Cracking the market: Nut-based products set to go mainstream in Vietnam in coming decade

By Pearly Neo

- Last updated on GMT

Economic growth and rising health awareness are being tipped to propel nut-based products to be come household staples in Vietnam over the next decade. ©Getty Images
Economic growth and rising health awareness are being tipped to propel nut-based products to be come household staples in Vietnam over the next decade. ©Getty Images

Related tags Vietnam Nuts nut butters nut oils

Economic growth and rising health awareness are being tipped to propel nut-based products to be come household staples in Vietnam over the next decade.

It is a known fact that Vietnam has amongst the fastest-growing economies in the South East Asia region, with many overseas companies looking for ways to penetrate the market, boosting job opportunities and incomes locally.

Along with this growth in incomes and economies, food products that were once considered more of a luxury or premium specialty are slowly becoming more common to local consumers – and one of these is products made from nuts.

“In Vietnam today, the trend is undoubtedly nuts and products from nuts, no matter whether it is granola or powders or milks, Vietnamese consumers are very much on the lookout for nut-based items in these categories,”​ local oil and spreads firm Dat Foods’ Founder and CEO Bùi Thăng Long told FoodNavigator-Asia​.

“This has been on the rise as Vietnam’s economy is getting better and average incomes are becoming higher, so more consumers are now showing more care for their health and believe that nut-based products are good both nutritionally and functionally.

“As it is, many brands are choosing to use ‘nuts’ as a keyword in their marketing, even if their products only contain very little nuts or no more than 20% because the concept of nuts is such a big draw for the consumers – this remains the biggest challenge in the Vietnamese market for real nut product brands as consumers don’t know the difference yet, so education is critical.”

Although the category is growing rapidly, at present it is still not yet anywhere achieving mainstream status as economic growth has not reached sufficient levels to enable locals to consume nut-based products as a daily staple – but Long is hopeful that this can be achieved in the coming decade.

“The way Vietnamese consumers eat nut products such as nut butter or nut oils is still very different from the West and we can see this from our sales, e.g. a 570g bottle of cashew butter can last one small western family perhaps one or two weeks, but a 210g bottle would last one Vietnamese family over a month,”​ he said.

“So the behaviour of using this nut butter is still very different, where western consumers would spread this daily on their bread for breakfast, but local consumers would be much more sparing and maybe only eat this once or twice a week as a treat.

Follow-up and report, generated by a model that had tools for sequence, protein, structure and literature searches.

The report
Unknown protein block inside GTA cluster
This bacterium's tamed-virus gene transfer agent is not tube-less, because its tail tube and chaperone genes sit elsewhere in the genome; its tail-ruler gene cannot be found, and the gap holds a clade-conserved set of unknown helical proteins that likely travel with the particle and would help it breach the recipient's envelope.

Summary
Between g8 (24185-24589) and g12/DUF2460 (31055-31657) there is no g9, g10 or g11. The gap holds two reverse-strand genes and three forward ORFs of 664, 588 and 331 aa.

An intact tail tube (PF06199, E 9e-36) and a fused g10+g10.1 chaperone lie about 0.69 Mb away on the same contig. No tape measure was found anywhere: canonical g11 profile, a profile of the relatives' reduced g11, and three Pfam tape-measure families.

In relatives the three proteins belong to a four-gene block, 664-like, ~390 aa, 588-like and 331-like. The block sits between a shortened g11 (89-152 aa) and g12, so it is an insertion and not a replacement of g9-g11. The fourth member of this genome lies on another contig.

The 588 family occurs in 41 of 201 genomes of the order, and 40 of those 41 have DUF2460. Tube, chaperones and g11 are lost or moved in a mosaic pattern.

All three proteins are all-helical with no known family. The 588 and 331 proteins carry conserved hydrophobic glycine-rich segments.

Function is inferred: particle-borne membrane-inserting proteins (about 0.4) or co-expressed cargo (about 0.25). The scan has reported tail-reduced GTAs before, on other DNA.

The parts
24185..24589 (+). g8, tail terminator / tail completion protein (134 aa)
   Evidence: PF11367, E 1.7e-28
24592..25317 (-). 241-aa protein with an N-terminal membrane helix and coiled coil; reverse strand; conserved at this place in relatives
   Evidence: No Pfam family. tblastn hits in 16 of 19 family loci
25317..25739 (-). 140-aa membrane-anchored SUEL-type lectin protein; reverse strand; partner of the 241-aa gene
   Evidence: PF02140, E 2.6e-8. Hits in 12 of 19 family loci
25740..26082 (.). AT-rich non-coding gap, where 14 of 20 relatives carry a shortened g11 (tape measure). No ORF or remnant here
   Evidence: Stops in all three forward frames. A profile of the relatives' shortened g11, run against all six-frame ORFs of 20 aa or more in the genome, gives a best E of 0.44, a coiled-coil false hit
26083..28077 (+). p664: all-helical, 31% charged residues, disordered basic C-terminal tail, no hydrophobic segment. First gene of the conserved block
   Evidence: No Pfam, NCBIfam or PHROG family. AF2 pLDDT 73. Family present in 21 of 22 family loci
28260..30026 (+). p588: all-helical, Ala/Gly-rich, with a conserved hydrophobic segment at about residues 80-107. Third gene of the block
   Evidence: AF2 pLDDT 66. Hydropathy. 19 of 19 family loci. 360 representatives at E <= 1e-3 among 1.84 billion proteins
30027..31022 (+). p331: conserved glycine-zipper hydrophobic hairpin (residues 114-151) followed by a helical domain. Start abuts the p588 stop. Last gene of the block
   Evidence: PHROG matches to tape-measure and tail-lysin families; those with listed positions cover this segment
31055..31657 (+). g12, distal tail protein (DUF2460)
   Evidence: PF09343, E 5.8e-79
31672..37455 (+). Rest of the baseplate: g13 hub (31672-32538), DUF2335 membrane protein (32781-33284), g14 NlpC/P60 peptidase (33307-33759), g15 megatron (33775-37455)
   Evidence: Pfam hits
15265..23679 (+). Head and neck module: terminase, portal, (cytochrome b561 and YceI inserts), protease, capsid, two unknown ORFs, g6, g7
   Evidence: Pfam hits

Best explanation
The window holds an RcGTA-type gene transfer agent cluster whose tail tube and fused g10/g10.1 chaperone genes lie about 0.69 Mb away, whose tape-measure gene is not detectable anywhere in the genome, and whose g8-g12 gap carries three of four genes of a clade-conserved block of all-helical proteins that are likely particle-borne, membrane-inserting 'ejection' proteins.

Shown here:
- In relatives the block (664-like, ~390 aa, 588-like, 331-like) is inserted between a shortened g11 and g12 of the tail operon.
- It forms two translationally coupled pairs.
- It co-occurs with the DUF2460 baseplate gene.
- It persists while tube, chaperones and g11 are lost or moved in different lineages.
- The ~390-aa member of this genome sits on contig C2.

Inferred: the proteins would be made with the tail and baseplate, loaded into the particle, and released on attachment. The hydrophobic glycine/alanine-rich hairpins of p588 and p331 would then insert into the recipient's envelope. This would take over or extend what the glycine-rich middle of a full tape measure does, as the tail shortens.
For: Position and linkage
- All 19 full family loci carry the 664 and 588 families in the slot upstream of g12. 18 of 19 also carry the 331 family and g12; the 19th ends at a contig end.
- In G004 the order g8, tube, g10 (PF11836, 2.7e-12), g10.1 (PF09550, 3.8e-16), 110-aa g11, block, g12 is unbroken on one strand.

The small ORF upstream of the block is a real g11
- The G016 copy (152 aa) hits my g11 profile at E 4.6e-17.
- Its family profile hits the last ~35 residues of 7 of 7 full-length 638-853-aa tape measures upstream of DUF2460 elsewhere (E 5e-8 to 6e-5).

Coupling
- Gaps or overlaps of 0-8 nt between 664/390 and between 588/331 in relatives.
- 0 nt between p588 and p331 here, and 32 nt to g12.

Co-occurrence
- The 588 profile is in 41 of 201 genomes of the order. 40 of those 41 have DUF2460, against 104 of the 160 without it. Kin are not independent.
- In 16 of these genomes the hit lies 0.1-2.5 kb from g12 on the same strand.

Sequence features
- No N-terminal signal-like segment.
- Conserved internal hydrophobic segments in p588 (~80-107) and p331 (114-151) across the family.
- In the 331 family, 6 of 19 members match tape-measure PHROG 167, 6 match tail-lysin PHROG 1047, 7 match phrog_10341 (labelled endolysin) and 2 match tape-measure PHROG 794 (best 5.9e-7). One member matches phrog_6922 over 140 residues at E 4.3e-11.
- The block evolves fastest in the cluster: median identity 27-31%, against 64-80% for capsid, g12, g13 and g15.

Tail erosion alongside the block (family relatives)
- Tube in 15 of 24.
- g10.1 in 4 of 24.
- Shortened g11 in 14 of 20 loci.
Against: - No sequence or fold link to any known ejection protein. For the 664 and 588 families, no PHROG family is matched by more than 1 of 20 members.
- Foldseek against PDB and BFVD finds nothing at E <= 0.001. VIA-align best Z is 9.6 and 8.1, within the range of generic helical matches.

“This is definitely strongly driven by income, showing that even though the economy has improved, consumer salaries are still not yet significant enough such that they can afford to eat nutritious products like this daily.

“That said, I do expect that this situation will change in the coming five to 10 years – my children’s generation for example has grown up with much more exposure to nut butters and are used to this, and as the economy continues to grow, by the time they reach adulthood nut products will be much more mainstream.

“A good example of this is cheese – not that long ago, cheese was by no means a popular product here in Vietnam due to the price and lack of awareness then, but as the economy has grown and more companies have been bringing in cheese products and doing the necessary education, now cheese is a very popular item locally.”

Nut oil’s major potential

Dat Foods manufactures both nut butters and nut oils, and Long believes that nut oils are a major potential growth avenue for the company due to huge demand in the region.

“The entire South East Asian region, not just Vietnam, uses a lot of oil, as do Japan and South Korea, so there is really a very big market for this,”​ he said.

“We also see that there is a demand for healthier versions of oils and worked to innovate in this direction, so all of our peanut and sesame oils are tested and certified chemical-free and cold-pressed below 60°C to keep the nutritional content higher than normal oils – it makes for higher costs and lower yields, but the nutrition is superior.

“In Vietnam, peanut oil is very common for cooking and sesame oil for salads, and one tablespoon of sesame oil is also often given as a supplementary aid to children as it is high in antioxidants and has strong anti-inflammatory properties.”

Although oil is mostly a supplementary commodity used to prepare foods with, Long stressed that even in this category the future is likely to be focused on health benefits.

“The future of oils will also be nutrition-focused as consumers increase focus on health and wellness,”​ he said.

“Nut oils are a very good fit for this demand, but right now, the same challenge applies for oils as it does for butters where some companies are using nuts as a keyword to draw consumers in even with very minimal nut oil content, so education is going to be very important.”

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